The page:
There are several limitations associated with the Chu method. One such limitation is the need to unambiguously identify various data types. While these might include such common data types as ASCII, binary, or unicode, there, in fact, exists a broad universe of data types that fall outside the three most common data types. Examples of these alternate data types include: signed and unsigned integers of various lengths, differing types and precision of floating point numbers, pointers, other forms of character text, and a multitude of user defined data types. Additionally, data types may be interspersed or partially compressed, making data type recognition difficult and/or impractical. Another limitation is that given a known data type, or mix of data types within a specific set or subset of input data, it may be difficult and/or impractical to predict which data encoding technique yields the highest compression ratio.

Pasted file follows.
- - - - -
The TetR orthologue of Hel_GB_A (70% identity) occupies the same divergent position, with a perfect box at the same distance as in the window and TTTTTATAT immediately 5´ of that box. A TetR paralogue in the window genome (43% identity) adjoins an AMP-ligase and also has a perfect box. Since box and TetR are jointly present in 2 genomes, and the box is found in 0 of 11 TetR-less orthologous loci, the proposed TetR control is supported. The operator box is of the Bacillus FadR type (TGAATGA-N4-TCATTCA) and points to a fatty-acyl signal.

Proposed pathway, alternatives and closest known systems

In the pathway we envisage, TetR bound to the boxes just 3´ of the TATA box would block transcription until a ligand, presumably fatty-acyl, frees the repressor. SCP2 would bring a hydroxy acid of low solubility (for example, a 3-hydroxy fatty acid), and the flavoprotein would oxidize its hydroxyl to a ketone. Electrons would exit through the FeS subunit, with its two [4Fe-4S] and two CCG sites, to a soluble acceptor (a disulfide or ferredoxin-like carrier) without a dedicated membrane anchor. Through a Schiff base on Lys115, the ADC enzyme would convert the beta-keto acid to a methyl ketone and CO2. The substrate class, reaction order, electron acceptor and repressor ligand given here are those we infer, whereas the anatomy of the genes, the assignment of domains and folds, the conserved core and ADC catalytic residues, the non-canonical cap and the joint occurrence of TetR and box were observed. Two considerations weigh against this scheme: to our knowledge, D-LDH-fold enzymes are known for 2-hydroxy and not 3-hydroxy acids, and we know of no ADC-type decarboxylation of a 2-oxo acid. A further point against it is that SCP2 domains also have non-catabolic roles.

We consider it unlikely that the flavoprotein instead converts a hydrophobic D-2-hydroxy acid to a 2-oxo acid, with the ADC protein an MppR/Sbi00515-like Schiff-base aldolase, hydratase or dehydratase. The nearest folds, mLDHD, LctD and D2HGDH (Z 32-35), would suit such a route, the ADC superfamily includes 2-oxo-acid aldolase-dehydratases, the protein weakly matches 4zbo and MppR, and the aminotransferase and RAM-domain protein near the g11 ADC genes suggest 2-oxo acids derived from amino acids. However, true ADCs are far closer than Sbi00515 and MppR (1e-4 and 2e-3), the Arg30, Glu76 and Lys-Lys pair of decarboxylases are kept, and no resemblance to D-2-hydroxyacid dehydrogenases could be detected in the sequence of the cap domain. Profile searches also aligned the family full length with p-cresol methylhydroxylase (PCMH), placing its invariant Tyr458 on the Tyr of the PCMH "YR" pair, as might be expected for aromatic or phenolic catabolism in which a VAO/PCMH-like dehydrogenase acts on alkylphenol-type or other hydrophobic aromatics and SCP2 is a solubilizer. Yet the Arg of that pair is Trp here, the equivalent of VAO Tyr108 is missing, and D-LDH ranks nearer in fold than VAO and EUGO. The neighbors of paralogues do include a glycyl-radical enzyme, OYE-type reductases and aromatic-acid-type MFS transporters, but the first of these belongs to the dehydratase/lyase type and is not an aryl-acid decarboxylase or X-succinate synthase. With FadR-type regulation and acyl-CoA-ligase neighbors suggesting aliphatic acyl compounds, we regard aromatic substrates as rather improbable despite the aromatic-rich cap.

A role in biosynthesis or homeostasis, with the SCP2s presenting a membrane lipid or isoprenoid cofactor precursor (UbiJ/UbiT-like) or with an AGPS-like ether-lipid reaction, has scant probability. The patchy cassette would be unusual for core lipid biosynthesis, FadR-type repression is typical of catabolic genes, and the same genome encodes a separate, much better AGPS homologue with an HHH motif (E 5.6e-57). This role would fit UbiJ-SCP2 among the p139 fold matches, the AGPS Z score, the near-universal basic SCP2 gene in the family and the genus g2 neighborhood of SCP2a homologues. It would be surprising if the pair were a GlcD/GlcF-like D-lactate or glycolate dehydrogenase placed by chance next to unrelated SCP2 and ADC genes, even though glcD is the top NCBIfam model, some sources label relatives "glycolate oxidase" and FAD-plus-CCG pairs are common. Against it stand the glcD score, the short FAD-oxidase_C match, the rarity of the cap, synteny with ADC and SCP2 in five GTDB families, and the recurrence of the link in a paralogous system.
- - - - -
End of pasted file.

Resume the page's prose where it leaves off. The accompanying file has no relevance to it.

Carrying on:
Accordingly, there is a need for a data compression system and method that would address limitations in conventional data compression techniques as described above.

SUMMARY OF THE INVENTION

The present invention is directed to systems and methods for providing fast and efficient data compression using a combination of content independent data compression and content dependent data compression. In one aspect of the invention, a method for compressing data comprises the steps of:

analyzing a data block of an input data stream to identify a data type of the data block, the input data stream comprising a plurality of disparate data types;